Sarah Friend and John (J) Maurelian are smart contract security gurus, at a time when most people still don’t really know what a smart contract is. The software experts, from Ethereum development studio Consensys, spend their time rooting out programming flaws that could cost blockchain users hundreds of thousands of dollars, and they’re ready to tell some of those stories. We caught up with the pair at ETHBerlin, a Berlin-based Ethereum hackathon that saw hundreds of developers gather to exchange smart contract ideas and techniques.
What’s new about smart contracts
Smart contracts are a new way to do an old thing. At their heart, they are simply programs of the kind that run on any server or client-side computer, but with some important differences.
One difference is decentralization. A smart contact doesn’t just run on one computer, but on many, in a blockchain environment. Running programs on the blockchain has the same effect as transacting digital currency on the blockchain: it keeps everyone honest.
If multiple parties run the same data through the same program and cryptographically verify the results, then it becomes more difficult for a single party to tamper with the results. Compare that to, say, a company running a program on a single server that could alter the output, or the program code, to suit its own purposes.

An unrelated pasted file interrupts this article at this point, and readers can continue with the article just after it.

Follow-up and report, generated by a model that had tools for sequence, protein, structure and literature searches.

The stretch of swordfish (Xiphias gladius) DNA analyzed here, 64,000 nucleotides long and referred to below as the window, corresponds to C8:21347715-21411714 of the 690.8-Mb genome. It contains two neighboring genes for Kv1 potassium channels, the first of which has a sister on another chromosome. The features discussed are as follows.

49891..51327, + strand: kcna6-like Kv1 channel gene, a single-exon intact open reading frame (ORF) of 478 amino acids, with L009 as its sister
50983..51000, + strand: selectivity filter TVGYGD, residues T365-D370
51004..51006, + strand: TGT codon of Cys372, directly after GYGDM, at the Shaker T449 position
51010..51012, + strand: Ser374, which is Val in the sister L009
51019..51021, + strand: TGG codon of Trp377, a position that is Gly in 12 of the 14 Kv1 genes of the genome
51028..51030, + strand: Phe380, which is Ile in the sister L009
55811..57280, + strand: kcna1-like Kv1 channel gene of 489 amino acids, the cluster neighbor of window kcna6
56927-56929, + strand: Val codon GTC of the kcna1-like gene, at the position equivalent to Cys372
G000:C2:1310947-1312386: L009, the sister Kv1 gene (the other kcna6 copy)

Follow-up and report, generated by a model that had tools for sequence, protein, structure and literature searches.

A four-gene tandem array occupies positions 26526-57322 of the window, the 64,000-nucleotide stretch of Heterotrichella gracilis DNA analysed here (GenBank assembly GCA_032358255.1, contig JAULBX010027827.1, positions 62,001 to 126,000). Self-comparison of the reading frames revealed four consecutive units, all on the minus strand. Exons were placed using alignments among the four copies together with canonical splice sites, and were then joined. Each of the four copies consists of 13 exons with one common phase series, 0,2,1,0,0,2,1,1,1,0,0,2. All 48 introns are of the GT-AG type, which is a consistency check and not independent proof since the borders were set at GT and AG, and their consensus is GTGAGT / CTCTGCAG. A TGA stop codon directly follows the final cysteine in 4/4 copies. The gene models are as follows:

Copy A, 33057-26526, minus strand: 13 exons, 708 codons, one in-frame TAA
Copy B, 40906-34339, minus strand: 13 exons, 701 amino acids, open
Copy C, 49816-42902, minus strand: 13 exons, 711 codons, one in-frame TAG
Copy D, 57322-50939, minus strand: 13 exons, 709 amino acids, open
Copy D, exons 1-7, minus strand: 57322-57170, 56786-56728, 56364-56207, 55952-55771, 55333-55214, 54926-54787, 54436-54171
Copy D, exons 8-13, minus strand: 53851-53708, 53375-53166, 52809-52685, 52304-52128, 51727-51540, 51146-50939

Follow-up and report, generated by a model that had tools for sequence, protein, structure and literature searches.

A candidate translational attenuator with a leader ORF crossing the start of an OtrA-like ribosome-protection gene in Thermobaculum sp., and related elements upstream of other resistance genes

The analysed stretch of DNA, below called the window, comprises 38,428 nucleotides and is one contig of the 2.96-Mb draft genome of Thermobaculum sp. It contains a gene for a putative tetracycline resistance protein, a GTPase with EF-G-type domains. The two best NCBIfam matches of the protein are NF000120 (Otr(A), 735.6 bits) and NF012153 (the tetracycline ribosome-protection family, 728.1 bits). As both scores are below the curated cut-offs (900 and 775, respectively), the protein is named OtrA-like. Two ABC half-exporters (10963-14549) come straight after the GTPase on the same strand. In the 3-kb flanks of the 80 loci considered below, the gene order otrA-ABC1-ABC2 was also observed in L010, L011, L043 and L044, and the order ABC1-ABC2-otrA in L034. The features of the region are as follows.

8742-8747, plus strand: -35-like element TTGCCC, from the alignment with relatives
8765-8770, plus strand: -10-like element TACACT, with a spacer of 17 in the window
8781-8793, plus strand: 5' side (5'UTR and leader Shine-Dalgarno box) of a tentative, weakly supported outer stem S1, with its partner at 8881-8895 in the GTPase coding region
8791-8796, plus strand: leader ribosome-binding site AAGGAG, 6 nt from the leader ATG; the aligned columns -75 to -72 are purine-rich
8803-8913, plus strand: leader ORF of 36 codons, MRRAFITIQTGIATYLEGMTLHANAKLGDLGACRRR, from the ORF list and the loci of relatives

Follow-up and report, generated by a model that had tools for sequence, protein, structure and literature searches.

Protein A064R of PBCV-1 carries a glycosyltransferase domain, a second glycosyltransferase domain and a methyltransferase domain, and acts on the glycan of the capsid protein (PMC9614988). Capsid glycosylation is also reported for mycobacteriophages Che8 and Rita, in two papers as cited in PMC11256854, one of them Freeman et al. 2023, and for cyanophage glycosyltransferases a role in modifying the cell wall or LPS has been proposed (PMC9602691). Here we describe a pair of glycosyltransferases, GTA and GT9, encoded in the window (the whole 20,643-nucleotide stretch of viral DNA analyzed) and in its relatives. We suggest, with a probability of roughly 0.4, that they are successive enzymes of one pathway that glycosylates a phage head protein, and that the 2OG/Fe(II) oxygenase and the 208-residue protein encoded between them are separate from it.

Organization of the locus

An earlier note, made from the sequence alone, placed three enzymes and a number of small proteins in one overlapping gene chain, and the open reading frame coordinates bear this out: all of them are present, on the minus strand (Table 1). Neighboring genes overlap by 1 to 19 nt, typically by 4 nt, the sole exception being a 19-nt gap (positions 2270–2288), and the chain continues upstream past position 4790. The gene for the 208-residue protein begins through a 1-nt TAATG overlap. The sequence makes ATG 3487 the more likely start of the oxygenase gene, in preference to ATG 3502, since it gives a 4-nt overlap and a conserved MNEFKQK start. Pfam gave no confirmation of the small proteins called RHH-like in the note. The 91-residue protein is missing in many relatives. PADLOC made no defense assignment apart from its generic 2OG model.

Let’s say you and I collaborate on a video project. I contribute 40% of the work, and you contribute 60%. We might create a smart contract that lets people pay for the video and download it online. They would pay in Ether, and the smart contract would send us each a proportion of the proceeds reflecting our contribution. Because we both ran the contract, we could be sure that one person isn’t tinkering with the results and reallocating funds.
Nevertheless, if there’s a flaw in the smart contract that gets copied and run everywhere, then an attacker could quickly exploit it. Someone could come and steal both of our funds from the smart contract and send it to themselves instead.
That’s where another key difference between smart contracts and traditional programs comes in: the direct transacting of money.